In Lipstick Traces (3) Greil Marcus talks about Dada, the Situationists and early punk as movements that disrupted and exposed society as construct – would you be OK with NoD being included in that lineage?

Most definitely, well I would like to hope we are anyway.

Capitalism would socialise us into constructing our sense of self from consumption, John Holloway talks about our sense of self being able to emerge from acts of collective creativity (4). Do you experience that tension? Have you found music has helped you derive your sense of self from creativity and community?

Ad: In fact the act of creativity I feel is something I have put consciously into my life to avoid the traps and pitfalls of consumption within the capitalist system. I think music and the creative projects I have been involved in have massively defined my sense of self, however at times due to following our own path that can lead to a further sense of alienation unfortunately at times, particularly in the local ‘music’ scene as unfortunately so called ‘radical’ politics scares a lot of promoters and certainly has prevented us from getting gigs at times.

Kat, if, as Social Constructionists argue, we construct our senses of self from the cultural resources available to us, what role models, thinkers, examples have you drawn on to counter a patriarchal, sexist culture?

Kat: I guess for me, the idea of being a female ‘fronting’ a band has not really sat comfortably as I’m not sure that gender really should come in to it. I feel that we should have moved beyond the need to identify females in bands as a unique ‘selling point’ and often don’t give it much thought. I guess for me, I would not wish to fall into the trap of conforming to the music industry’s habit of depicting female musicians as primarily ‘sexual beings’, with the risk of their sexuality and appearances being the primary factor in promoting their work as opposed to their music being the most important factor in terms of promoting them.

After the brilliant EP:3 what’s next for NurseOnDuty? Any releases planned for 2018? Any chance of catching you live?

Ad: EP:4 is already written and mostly recorded instrumentally and I’m just waiting for Kat to finalise the lyrics but these things can’t be rushed. Hopefully it won’t be too long until that’s out and I hope to play some gigs after that with NoD, but not being the most social beings and due to the nature of the music it can be hard to find places to play so we will probably put on some more of our own nights again and gather the outcasts together. Me and Kat have also been involved in another project with the punk poet/philosopher/musician DoctorThis, which is quite similar in sound to NoD. The project is yet untitled but we have an EP written and I’ve nearly finished recording that so it should be out very soon with hopefully some live dates following. I have also been writing and releasing some more solo music under the name CrAwE. That stuff is more dark ambient drone. I did a self-released LP earlier this year and there should be a new EP for that project very soon, though the latest material is more kind of ‘doomgazey’ in the vein of Nadja and less ambient in nature but that’s pretty much there as well. So yeah, I guess there’s always a lot happening, personally I can’t stop writing currently.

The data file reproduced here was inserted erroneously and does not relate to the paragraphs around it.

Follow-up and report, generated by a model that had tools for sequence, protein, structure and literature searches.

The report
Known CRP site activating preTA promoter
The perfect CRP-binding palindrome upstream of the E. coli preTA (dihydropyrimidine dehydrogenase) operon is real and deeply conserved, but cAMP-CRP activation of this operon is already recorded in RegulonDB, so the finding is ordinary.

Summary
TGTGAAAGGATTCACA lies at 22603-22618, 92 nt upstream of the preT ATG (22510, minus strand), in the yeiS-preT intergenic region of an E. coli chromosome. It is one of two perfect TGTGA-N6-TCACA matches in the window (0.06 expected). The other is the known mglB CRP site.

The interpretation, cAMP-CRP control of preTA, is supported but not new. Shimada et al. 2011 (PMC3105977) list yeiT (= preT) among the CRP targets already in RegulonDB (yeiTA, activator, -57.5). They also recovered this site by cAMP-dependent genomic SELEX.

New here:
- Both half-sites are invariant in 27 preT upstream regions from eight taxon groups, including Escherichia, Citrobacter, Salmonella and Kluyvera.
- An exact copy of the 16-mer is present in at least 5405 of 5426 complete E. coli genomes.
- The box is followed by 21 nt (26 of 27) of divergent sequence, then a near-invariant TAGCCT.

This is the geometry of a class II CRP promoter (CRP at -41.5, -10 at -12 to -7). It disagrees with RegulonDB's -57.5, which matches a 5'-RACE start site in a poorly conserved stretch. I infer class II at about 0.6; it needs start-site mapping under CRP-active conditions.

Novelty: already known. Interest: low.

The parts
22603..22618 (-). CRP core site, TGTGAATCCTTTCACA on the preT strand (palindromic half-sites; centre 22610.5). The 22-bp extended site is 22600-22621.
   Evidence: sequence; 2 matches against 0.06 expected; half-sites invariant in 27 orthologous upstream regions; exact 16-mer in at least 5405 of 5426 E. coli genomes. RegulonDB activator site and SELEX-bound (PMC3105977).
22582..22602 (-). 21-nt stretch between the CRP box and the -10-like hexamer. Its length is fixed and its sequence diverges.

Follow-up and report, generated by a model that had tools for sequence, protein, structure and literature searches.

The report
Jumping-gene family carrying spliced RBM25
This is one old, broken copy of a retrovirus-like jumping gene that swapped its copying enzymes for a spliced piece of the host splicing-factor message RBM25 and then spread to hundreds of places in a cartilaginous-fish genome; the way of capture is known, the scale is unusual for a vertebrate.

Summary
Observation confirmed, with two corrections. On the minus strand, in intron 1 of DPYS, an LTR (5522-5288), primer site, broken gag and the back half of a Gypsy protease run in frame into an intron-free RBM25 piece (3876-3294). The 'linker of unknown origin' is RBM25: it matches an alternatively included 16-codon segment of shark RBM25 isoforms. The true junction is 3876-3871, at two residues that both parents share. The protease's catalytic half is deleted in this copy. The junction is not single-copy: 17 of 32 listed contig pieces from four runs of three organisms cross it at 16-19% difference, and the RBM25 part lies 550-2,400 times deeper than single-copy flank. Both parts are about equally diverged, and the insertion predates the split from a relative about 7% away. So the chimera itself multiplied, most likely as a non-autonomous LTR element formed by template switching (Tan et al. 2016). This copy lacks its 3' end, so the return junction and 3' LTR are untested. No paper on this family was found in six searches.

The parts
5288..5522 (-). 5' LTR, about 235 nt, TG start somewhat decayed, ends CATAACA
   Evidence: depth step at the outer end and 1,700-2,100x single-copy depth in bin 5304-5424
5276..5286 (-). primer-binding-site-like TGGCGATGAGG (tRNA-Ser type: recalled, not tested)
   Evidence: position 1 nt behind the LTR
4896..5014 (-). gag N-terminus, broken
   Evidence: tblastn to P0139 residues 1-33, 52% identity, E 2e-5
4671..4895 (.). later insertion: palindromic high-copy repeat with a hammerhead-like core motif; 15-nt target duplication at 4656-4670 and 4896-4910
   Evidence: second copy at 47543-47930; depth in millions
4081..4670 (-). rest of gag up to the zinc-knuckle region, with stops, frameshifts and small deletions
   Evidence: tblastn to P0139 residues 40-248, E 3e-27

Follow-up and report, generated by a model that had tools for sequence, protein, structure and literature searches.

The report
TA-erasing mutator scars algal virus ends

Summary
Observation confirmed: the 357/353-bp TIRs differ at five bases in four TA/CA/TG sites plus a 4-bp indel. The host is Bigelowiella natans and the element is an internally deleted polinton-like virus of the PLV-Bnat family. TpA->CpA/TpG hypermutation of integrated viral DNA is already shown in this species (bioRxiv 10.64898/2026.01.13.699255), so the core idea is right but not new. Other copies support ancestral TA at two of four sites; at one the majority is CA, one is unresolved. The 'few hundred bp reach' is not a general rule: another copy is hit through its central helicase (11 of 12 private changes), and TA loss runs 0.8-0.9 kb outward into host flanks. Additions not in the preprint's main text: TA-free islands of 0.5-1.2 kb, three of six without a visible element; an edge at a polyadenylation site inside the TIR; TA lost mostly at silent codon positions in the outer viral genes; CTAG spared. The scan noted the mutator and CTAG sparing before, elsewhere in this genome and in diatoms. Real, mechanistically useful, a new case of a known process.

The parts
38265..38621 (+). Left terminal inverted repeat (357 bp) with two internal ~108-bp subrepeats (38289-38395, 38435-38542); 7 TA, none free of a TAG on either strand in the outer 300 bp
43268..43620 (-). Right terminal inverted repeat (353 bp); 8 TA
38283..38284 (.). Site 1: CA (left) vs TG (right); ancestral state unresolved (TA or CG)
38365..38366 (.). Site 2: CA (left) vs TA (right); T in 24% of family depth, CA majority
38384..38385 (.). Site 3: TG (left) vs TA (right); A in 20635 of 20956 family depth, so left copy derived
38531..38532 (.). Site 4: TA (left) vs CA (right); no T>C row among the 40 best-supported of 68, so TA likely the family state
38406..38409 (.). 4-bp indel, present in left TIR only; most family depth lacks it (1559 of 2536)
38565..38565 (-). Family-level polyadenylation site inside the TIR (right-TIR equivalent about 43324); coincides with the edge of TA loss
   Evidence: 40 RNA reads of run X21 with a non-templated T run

What bands have you been impressed by lately, any authors you would recommend?

Ad: Again probably too many to list but I’ve been listening to lots of Northumbria (Canadian drone duo). I like the new solo album from Efrim Menuck from Godspeed you! Black Emperor Pissing Stars, and also his partner Jessica Moss’ recent solo album Glaciers is very good. Alongside a constant rotation of a lot of classic shoegaze, noise rock and punk, the Subhumans’ back-catalogue is never far from my record player. I’m ashamed to say I have not been reading as much as I should recently, preferring to stick to shorter articles, but the last book I read was George Orwell’s Homage to Catalonia which everyone should read and before that it was The Last of the Hippies by Penny Rimbaud. I’m a big fan of Hunter S Thomson’s writing, I often think; what would he write about the current political environment?

And last question! How did you decide on the name NurseonDuty, is it connected with the idea of helping to deal with a malaise?

Ad: There is no great story behind this one, we had borrowed a cookery book from my Mum, she was a District Nurse and we found an old car sticker that said ‘Nurse on Duty’ in it. I also liked band names with ‘Nurse’ in them or linked to sonic healing at the time, I think Sonic Youth’s ‘Sonic Nurse’ had just come out, oddly I’ve never really put much thought into coming up with band names, which is odd as it becomes a primary label for the whole thing, I guess it’s because ultimately I always think the sound dictates your response to the name.

Listen to NurseOnDuty here.

(1) Srnicek, N. and Williams, A. (2015) ‘Inventing the Future: Postcapitalism and a World Without Work’, Verso. London and Brooklyn, NY.

(2) James, R. (2014) ‘Resilience and Melancholy: Pop Music, Feminism, Neoliberalism’, Zero Books, Winchester UK and Washington, USA.

(3) Marcus, G. (2011) ‘Lipstick Traces: A Secret History of the Twentieth Century’, Faber and Faber, London.

(4) Holloway, J. (2005) ‘Change the World Without Taking Power’, Pluto Press, London and New York.